Culture

Hip-Hop Change Agent Soledad O’Brien in the Hamptons

Tue., Aug. 14, 2012 5:04 PM EDT
by Munson Steed
Munson Steed, Christina Steed and Soledad O'Brien

Steed Media CEO Munson Steed, with wife Christina and Soledad O'Brien

Soledad O’Brien has addressed many issues that speak to the calamities faced by African Americans. The CNN correspondent journeyed from the tsunami to Hurricane Katrina you see, and put a spotlight on wave after wave of that despair and that misery. She communicated as only she can — the heartbreak, the joy, the tears and the pain.

She brings the issues of African Americans to the forefront and her comprehensive reporting on “Black in America” keeps the dialogue alive, and that in and of itself is a monumental accomplishment. The eloquence with which she speaks and the cadence of her speech — it’s that confident delivery and fair reporting that keeps us watching.

The humanity of this celebrated woman is demonstrated in her reports on Gabby Douglas, who is phenomenal in her own right. The similarities between the two are obvious in that both have come front and center on the world stage, and both have galvanized the community in amazing ways. O’Brien has done work in the community and on behalf of its citizens that might warrant — or is at least worthy of a Nobel Prize.

What we hoped to see someone express, O’Brien does with aplomb and finesse — that is real success. But we unfortunately, all too often celebrate and glorify negative images that detract from the goal and the ideals we profess. How do we extricate ourselves from the valley of negativity, and keep from being mired in destructive images and that portrayal?

But Soledad O’Brien stays on point. I attended one of her fundraisers in the Hamptons this summer, when she introduced young women, her mentees from New Orleans, Los Angeles and other urban centers across the country who eloquently exchanged ideas and shared tear-jerking stories about their lives and their communities. Also present were celebrity and corporate activists, like media mogul Russell Simmons, Greg Cunningham and Dwayne Maddox of American Family, as well as representatives from the retail giant, Target — all there to support O’Brien and do their part to effect social change.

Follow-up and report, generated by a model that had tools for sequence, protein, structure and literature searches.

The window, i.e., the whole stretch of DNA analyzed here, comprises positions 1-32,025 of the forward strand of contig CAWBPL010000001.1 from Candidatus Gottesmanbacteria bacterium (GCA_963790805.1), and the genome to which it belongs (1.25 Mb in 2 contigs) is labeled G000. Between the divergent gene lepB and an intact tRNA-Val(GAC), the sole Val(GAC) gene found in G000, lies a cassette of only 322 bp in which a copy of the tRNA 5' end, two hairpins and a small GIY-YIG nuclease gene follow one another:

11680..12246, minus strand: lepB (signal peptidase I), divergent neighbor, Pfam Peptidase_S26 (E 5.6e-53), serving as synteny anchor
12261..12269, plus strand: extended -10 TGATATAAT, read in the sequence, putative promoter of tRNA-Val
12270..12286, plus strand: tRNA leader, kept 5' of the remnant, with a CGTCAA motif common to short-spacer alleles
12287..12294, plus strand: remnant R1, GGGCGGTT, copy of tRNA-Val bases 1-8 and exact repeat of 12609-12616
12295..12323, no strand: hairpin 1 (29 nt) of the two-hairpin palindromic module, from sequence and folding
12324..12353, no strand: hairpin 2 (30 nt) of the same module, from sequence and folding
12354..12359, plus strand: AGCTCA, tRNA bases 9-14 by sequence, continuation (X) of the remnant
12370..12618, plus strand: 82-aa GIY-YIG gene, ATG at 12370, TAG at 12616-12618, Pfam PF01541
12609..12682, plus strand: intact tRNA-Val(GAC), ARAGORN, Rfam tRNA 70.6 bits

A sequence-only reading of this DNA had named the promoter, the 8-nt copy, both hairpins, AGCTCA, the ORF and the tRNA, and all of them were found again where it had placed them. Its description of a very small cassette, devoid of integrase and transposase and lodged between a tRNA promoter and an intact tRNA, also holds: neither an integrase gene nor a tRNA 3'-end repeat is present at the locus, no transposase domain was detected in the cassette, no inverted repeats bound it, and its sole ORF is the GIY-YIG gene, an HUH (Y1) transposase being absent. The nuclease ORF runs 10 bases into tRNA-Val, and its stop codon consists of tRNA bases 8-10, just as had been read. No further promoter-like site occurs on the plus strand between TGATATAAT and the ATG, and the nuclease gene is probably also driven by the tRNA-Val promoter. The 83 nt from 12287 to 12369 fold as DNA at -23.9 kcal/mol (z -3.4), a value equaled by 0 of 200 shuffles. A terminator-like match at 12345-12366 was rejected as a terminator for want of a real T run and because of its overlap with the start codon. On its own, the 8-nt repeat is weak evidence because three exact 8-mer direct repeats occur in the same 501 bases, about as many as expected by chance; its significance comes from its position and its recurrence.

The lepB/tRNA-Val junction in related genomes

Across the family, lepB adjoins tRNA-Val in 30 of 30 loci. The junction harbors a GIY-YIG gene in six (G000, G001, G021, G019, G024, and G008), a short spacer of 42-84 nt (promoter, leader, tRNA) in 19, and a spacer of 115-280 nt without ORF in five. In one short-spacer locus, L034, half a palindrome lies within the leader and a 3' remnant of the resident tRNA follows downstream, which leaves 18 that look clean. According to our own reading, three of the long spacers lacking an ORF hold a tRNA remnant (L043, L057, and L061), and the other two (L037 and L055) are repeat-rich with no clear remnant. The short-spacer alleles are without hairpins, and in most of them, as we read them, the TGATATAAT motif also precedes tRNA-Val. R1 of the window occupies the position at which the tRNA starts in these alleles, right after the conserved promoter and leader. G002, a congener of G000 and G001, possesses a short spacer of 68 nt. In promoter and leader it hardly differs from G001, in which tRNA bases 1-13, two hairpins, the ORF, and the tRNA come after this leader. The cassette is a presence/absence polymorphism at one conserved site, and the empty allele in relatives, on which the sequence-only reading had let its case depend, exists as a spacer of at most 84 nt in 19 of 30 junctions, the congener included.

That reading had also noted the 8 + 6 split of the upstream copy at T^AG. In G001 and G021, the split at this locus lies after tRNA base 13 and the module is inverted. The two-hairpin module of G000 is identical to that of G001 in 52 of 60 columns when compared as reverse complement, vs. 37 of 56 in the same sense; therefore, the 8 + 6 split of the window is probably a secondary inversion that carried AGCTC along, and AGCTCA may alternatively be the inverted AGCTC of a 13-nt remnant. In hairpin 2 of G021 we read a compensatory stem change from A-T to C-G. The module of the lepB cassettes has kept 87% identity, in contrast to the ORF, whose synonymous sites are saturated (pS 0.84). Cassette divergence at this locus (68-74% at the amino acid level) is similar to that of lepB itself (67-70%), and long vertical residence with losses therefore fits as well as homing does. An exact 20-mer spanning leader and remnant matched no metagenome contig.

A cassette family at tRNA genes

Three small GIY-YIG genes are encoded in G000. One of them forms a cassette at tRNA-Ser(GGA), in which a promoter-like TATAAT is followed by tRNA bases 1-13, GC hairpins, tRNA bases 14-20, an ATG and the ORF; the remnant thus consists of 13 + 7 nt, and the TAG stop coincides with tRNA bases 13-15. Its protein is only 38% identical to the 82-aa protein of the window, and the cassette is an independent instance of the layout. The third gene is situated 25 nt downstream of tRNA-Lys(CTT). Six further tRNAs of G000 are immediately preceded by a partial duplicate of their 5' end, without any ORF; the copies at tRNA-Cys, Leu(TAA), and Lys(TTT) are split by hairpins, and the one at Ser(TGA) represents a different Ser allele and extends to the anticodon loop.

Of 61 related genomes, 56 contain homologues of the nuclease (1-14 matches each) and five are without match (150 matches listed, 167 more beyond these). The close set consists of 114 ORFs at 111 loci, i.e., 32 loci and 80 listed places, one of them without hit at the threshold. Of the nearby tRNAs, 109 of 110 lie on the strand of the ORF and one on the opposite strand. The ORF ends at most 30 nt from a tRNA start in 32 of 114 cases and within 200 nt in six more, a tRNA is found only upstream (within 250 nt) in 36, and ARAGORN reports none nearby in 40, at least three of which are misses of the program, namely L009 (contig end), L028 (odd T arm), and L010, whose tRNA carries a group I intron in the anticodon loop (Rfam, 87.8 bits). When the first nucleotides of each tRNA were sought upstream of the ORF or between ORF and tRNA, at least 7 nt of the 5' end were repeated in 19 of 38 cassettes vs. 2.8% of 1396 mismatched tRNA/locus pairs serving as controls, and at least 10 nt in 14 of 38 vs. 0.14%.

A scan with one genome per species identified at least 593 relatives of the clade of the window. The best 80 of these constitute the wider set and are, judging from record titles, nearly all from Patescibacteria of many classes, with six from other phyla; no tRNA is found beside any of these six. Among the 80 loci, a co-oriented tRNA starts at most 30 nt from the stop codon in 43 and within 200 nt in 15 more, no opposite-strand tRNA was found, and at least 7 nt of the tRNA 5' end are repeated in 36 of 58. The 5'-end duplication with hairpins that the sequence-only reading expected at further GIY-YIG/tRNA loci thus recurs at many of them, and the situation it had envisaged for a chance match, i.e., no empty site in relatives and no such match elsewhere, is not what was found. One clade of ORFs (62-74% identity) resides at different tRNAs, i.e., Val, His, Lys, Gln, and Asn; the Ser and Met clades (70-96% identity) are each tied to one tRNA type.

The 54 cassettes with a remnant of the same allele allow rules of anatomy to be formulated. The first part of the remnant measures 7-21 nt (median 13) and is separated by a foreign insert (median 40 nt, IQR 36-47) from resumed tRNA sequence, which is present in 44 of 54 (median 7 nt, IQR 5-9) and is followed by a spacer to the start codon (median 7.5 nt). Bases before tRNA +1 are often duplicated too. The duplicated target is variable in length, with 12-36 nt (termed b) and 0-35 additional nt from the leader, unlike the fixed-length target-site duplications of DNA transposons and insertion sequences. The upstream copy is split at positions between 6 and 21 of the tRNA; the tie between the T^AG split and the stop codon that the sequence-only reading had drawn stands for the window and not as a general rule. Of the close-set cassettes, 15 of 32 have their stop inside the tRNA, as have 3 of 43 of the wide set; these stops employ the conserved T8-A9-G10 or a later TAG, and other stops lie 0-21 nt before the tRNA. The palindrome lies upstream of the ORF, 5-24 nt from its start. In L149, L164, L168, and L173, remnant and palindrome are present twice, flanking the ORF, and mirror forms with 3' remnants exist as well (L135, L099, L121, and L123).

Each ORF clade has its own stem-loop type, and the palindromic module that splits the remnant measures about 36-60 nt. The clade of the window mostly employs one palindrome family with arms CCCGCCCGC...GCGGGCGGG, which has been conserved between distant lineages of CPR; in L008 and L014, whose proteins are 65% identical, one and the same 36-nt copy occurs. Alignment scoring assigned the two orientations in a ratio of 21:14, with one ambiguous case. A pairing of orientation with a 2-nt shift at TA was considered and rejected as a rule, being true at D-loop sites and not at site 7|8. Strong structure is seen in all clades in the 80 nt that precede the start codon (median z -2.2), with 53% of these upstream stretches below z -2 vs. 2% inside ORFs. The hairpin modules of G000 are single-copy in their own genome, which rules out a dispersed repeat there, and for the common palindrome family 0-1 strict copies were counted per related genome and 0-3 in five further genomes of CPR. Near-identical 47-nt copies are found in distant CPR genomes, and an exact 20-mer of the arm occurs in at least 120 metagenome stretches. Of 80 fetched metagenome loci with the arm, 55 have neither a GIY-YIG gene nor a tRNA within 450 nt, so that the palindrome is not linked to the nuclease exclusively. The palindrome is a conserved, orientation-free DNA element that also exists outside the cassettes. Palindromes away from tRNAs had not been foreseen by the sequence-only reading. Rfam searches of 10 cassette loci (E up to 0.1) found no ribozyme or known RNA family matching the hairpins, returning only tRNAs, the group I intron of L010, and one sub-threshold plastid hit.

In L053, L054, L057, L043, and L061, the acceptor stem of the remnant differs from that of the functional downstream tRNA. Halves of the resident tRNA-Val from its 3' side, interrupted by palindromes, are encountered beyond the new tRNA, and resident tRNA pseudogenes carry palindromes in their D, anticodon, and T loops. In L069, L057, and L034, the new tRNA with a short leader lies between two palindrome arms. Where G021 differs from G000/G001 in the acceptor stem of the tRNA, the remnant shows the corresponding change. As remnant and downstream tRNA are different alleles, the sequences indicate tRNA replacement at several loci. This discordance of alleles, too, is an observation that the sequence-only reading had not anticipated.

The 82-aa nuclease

And the death toll continues to rise in Chicago. Pharell, who sits on the board of the Soledad O’Brien and Brad Raymond Foundation, and all of the many celebrities who attended the event in the Hamptons, helped change the lay of the land that day. I applaud Soledad for making the location in that lavish setting a launching place for social activism and community advocacy.

We all need to ensure that our Twitter handles and our Facebook pages are making a difference, and are not just the utterances of noise and negativity. Use your access and credibility to make others aware of what is happening in minority communities each and every day. Articulate your thoughts and make all aware of the pain, the indignities and the profundity of the despair. Readers will remember those images and reflect on how things did and did not go.

We are a great people and we will develop strategies for how to overcome the ravages of discrimination and the humiliation of being ignored. We need someone like O’Brien who understands what it is to be respected and attached to the dignity that we work for every day.

Support the work of O’Brien and her foundation. She is a social defender, and a guardian of images today — don’t allow our egos to get in the way of progress.

Take the time to comment and share about how you are making a difference, by posting the good and positive images of change and transition in your community.

Soledad, we are proud of you. Continue to give this community dignity.

 

Peace.

Munson Steed

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